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This is part 3 of a series of articles on caloric deficits. Make sure to read parts 1 & 2: Calorie Deficits #1: Understanding the Nuances of Energy Balance Is Slow & Steady Actually the Best Way to Diet? (Calorie Deficits #2) In part two of this series we discussed how fast rates of weight loss through large caloric diets CAN be used without loss much (if any) muscle mass. Especially in those with a decent amount of fat to lose. So should YOU use an aggressive diet? Let’s evaluate the pros and cons… The Pros of Aggressive Dieting Researchers at … Read More

Is Slow & Steady Actually the Best Way to Diet? (Calorie Deficits #2)

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“Many people advise to lose weight at a steady and moderate rate, and recommend not cutting calories too low, in order to preserve muscle mass”. That’s a line taken from an email I was sent a few weeks back. And it perfectly exemplifies a piece of supposed common sense. And at first glance this makes some degree of logical sense, right? With a slower the rate of weight loss, theoretically, you might expect to have more of that weight loss coming from loss of body fat as opposed to lean tissue. And the more aggressive you diet the greater the degree of muscle … Read More

Calorie Deficits #1: Understanding the Nuances of Energy Balance

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Recently I received the following question from podcast listener Noah: “what is the best way to lose massive amounts of fat as fast as possible, without compromising gainz?” It should be inherently obvious to anyone familiar with the relationship between energy balance and body weight that to lose the absolute most amount of fat mass over a given time frame would mean creating the absolute largest energy deficit possible. But equally as obvious, is that creating the largest energy deficit possible (i.e. starvation + high activity) is neither practical nor is it desirable if we plan on holding onto muscle … Read More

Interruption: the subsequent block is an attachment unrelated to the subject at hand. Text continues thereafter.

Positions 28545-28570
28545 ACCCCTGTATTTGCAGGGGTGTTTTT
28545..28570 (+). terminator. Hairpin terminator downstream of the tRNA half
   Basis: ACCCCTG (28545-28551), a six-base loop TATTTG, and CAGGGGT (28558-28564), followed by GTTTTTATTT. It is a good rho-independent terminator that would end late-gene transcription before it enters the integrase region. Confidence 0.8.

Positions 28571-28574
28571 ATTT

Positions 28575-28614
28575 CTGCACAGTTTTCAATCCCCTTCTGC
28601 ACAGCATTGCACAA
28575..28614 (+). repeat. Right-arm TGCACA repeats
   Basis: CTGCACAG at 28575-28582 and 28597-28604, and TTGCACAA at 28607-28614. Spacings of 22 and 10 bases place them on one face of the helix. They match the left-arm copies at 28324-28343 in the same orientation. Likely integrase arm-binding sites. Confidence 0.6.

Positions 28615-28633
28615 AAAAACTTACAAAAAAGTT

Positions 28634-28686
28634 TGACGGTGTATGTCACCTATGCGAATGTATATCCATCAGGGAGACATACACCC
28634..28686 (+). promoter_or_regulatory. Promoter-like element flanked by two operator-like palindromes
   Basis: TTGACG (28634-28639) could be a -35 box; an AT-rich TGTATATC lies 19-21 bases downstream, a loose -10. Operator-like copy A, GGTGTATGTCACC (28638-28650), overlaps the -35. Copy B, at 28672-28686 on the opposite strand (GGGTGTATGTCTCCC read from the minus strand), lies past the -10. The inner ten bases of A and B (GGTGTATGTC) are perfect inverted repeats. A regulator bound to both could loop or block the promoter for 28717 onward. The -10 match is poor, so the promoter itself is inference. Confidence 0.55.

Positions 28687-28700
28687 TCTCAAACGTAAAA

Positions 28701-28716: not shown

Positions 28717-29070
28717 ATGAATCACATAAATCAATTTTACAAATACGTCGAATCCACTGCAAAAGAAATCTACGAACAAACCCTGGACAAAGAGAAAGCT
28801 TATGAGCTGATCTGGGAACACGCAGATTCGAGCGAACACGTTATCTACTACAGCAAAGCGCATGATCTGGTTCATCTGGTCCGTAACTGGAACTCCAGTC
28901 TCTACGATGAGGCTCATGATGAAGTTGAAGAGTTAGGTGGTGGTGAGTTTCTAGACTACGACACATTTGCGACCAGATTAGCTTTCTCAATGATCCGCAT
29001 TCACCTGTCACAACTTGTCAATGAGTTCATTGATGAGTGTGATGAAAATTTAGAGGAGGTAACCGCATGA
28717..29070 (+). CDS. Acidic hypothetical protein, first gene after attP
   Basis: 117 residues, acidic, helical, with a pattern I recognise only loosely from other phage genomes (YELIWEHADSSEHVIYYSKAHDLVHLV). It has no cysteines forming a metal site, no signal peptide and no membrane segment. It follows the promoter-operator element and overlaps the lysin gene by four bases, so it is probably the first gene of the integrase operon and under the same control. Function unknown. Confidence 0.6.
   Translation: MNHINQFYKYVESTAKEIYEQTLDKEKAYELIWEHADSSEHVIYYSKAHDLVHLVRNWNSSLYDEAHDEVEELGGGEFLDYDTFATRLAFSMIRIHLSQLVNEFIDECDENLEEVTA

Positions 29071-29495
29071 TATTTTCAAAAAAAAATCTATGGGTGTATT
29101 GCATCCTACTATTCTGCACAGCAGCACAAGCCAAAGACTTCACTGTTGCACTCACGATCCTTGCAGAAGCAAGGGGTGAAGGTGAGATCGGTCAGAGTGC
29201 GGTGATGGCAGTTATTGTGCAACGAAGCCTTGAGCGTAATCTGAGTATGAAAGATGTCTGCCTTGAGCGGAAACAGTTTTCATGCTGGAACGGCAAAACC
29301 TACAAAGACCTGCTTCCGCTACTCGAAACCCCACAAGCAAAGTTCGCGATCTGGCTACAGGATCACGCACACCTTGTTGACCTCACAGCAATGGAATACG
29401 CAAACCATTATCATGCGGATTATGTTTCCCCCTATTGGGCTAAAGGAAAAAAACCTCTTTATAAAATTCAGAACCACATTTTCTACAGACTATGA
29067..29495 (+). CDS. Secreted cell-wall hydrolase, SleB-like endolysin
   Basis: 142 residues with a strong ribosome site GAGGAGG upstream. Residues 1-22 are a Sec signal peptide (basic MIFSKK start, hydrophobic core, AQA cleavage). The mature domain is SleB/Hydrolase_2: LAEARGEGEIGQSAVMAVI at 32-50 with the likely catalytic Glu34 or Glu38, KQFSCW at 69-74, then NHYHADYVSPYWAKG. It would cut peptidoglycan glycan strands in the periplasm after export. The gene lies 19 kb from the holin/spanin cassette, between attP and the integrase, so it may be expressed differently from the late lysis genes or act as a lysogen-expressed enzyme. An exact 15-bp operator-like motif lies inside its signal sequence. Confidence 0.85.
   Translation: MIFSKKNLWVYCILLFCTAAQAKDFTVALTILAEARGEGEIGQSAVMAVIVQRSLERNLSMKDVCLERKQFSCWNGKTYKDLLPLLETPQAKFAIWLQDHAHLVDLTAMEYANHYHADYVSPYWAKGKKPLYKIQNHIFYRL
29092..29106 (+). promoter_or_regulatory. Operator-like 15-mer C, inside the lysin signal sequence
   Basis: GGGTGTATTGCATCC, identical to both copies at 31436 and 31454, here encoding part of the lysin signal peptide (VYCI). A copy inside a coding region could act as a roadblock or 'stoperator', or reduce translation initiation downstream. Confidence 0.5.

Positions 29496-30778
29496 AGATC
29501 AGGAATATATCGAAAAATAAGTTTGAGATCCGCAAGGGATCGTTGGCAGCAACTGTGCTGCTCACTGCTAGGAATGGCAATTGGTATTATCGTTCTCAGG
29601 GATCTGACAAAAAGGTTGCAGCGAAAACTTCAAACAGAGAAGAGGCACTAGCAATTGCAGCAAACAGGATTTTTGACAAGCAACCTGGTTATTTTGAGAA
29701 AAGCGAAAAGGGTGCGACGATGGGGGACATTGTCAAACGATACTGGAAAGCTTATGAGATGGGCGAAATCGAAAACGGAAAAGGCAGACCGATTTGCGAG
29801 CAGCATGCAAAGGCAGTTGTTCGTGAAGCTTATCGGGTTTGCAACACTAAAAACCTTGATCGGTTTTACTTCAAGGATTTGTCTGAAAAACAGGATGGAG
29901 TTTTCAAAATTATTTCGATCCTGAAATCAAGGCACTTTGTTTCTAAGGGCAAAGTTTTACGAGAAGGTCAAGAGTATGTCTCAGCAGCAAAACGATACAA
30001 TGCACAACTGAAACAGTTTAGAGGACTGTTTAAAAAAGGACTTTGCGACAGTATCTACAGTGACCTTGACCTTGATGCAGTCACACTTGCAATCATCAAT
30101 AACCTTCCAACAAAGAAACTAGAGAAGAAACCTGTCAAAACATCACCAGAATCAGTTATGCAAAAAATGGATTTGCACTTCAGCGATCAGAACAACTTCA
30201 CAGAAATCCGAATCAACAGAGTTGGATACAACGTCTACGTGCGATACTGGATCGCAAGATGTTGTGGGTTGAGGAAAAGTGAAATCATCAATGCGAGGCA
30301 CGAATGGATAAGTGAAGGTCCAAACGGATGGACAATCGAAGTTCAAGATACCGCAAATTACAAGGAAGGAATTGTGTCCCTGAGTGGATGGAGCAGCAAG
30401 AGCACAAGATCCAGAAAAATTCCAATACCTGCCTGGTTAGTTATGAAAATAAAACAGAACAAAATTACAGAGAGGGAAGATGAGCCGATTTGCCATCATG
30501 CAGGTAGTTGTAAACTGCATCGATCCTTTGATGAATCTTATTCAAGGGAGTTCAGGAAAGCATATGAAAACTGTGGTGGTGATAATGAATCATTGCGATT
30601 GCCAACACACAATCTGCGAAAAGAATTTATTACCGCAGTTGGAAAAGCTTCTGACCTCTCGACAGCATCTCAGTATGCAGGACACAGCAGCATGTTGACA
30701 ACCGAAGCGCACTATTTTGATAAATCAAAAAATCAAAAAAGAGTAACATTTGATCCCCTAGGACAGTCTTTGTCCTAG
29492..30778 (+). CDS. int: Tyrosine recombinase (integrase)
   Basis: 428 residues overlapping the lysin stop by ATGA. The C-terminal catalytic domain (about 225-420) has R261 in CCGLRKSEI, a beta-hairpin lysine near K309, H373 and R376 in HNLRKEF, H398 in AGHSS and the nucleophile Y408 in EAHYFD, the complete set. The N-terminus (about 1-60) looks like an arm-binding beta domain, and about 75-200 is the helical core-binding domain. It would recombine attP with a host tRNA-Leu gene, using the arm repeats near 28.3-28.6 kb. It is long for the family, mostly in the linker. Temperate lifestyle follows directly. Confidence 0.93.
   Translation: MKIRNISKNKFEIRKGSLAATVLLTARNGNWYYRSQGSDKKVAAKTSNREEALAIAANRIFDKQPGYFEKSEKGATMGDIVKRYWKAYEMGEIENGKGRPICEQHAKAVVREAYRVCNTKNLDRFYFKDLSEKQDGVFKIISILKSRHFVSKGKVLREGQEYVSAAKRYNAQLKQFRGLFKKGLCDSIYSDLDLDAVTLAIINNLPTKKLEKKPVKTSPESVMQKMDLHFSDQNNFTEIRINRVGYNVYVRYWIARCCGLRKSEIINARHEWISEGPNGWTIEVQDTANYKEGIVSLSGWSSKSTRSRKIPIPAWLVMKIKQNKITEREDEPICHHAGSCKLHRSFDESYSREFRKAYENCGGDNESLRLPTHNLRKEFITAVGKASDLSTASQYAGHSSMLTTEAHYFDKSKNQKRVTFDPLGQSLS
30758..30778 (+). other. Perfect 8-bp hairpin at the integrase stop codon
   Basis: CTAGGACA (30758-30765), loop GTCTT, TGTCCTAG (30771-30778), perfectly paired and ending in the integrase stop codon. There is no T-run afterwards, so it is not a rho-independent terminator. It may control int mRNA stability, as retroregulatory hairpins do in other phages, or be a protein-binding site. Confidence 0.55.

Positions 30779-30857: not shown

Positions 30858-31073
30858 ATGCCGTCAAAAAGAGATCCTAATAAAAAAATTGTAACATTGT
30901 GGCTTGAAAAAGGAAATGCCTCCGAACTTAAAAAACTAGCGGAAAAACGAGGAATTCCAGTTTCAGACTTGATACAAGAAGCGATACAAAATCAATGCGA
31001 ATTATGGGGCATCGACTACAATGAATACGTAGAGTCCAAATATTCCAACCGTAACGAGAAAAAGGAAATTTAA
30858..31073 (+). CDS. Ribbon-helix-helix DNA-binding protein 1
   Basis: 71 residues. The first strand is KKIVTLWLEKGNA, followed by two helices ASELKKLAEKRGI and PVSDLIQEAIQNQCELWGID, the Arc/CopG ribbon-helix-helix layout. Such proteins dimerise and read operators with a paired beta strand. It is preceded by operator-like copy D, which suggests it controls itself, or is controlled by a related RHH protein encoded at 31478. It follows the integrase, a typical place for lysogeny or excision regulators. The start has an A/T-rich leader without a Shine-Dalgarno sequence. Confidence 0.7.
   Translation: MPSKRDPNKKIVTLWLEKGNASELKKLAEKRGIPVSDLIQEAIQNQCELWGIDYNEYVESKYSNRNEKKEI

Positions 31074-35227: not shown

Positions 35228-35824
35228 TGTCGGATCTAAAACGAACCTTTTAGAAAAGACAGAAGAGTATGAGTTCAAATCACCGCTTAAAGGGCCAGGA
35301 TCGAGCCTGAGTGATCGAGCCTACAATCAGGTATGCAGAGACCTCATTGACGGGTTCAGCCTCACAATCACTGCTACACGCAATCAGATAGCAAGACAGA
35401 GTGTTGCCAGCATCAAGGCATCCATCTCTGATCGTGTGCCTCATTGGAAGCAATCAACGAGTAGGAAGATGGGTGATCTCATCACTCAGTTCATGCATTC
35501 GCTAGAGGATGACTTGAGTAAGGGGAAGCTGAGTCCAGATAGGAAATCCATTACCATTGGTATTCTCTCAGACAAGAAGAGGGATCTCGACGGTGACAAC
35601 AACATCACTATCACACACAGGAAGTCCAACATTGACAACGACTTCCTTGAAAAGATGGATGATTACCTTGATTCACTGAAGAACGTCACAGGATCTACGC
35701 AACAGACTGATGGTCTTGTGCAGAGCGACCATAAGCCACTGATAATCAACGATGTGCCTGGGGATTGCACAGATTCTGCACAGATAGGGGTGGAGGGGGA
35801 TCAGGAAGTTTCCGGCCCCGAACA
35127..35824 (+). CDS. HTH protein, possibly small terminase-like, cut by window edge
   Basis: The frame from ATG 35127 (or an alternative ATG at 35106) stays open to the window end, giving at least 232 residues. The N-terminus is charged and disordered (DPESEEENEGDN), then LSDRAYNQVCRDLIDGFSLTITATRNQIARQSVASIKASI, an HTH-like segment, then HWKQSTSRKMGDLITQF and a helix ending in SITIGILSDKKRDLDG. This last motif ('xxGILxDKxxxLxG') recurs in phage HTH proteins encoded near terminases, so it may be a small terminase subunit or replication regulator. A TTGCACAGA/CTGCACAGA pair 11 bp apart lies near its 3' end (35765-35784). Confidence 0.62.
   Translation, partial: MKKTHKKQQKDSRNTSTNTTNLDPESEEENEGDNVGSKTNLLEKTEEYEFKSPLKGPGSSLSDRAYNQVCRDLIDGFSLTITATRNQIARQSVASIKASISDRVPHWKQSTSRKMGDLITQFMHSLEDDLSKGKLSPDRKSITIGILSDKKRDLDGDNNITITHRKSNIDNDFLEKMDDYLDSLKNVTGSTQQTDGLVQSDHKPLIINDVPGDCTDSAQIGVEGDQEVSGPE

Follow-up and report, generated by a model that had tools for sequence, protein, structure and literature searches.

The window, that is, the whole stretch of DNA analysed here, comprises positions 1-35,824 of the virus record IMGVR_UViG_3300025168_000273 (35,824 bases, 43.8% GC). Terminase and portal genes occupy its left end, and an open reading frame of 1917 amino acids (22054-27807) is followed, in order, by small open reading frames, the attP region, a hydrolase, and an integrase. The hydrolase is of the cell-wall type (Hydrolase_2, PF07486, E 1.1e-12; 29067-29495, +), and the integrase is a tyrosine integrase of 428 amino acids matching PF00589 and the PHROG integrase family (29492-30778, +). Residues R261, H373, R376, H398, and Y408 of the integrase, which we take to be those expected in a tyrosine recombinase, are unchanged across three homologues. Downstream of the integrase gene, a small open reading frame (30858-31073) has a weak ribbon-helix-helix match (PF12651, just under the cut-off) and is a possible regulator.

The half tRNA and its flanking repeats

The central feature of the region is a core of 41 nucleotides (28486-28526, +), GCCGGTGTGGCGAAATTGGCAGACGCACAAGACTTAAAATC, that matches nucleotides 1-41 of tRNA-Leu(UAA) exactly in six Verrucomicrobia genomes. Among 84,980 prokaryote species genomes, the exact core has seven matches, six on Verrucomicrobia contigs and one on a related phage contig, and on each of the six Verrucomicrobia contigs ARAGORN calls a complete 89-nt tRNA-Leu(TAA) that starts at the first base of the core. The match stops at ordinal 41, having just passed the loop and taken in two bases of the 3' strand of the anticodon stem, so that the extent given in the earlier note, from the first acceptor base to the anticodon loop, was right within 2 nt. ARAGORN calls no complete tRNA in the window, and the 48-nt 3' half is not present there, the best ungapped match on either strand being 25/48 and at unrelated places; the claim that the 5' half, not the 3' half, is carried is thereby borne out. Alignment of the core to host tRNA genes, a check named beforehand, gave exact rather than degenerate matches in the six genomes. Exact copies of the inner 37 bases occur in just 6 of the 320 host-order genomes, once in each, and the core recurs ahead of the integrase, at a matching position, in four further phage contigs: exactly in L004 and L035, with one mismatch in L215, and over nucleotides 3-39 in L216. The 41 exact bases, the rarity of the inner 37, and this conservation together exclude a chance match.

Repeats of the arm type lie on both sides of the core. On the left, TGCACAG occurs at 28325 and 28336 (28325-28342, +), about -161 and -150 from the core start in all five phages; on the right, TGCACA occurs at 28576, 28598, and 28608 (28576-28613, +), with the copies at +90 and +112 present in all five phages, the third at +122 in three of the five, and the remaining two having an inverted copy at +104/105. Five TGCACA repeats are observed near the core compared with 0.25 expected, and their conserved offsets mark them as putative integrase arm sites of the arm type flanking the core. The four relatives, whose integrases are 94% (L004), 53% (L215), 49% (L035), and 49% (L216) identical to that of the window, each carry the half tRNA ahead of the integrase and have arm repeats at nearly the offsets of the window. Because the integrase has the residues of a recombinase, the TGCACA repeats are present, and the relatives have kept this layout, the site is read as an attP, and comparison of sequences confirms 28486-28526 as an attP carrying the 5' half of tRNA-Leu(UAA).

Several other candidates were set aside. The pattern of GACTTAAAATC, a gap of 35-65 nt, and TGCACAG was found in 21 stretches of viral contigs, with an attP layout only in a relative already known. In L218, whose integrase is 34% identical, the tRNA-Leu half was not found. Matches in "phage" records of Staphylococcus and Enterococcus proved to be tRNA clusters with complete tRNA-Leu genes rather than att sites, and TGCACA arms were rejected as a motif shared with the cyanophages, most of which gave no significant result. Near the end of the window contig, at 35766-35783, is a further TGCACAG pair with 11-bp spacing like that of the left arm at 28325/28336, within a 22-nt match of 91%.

Finding Wisdom Under a Bar: Powerlifting as a Teacher & Tool for Development

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It’s just 3 lifts. Just three uncomplicated, simple movements. Nothing changes. You aim to squat, bench and deadlift in the same manner you’ve done thousands of times before. But somehow powerlifting seems to have this intangible beauty to it that is hard to describe unless you “get it”. I’ve came to a point in my life where I’ve found powerlifting to be something that meshes perfectly with my personality. I’m now obsessed with the sport. That obsessive nature with stuff I get into is a common theme in my life. Thinking about it, I’m actually surprised it’s taken this long … Read More

An Open Letter To Neil Francis & The Irish Independent: Science, Scaremongering & Creatine

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Share this article on Facebook I didn’t really want to do this. Crazy articles related to nutrition/supplementation that pop up in the media regularly get sent my way. Most often I can see the unscientific nonsense straight away, remind myself my time is best spent on other things and avoid engaging with it. But somehow I now find myself writing this public response to one such opinion piece. In this particular case, for reasons I’ll mention later, I feel the need to sufficiently address an article published on the 22nd of November in the Irish Independent. The piece in question, penned by  journalist … Read More

Drawing A Line In The Evidence-Based Sand

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There is a definite growth in the number of people in the health & fitness space talking about taking an ‘evidence-based’ approach to nutrition, training and health. Which can only be a good thing for the fitness industry. In fact, if more people were of the same mindset the incidence of dumb shit would decline significantly. But when we’re talking about approaches to nutrition and fitness, to what extent should we constrain possible strategies to employ? I mean, if we want to be evidence-based, how should we approach practices that could work but lack a meta-analysis of several randomized controlled trials? … Read More

Food Quality, IIFYM and Strawmen: Do Food Choices Even Matter?

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It’s Friday night and you’re just settling into relaxation mode for the weekend after a tough week at work. You rock into the kitchen to rustle up something to eat. You’ve narrowed it down to two meals you enjoy. Now it’s decision time… Sweet potato and coconut oil or ice cream? What’s the best choice? (The fact you’re reading this blog I’m going to assume you care about health and body composition) Does this seem like a ridiculous question? Do you think there’s one obvious choice? Or do you feel it doesn’t matter? I don’t think we can answer the … Read More

Are You Sure You Want That Meal Plan?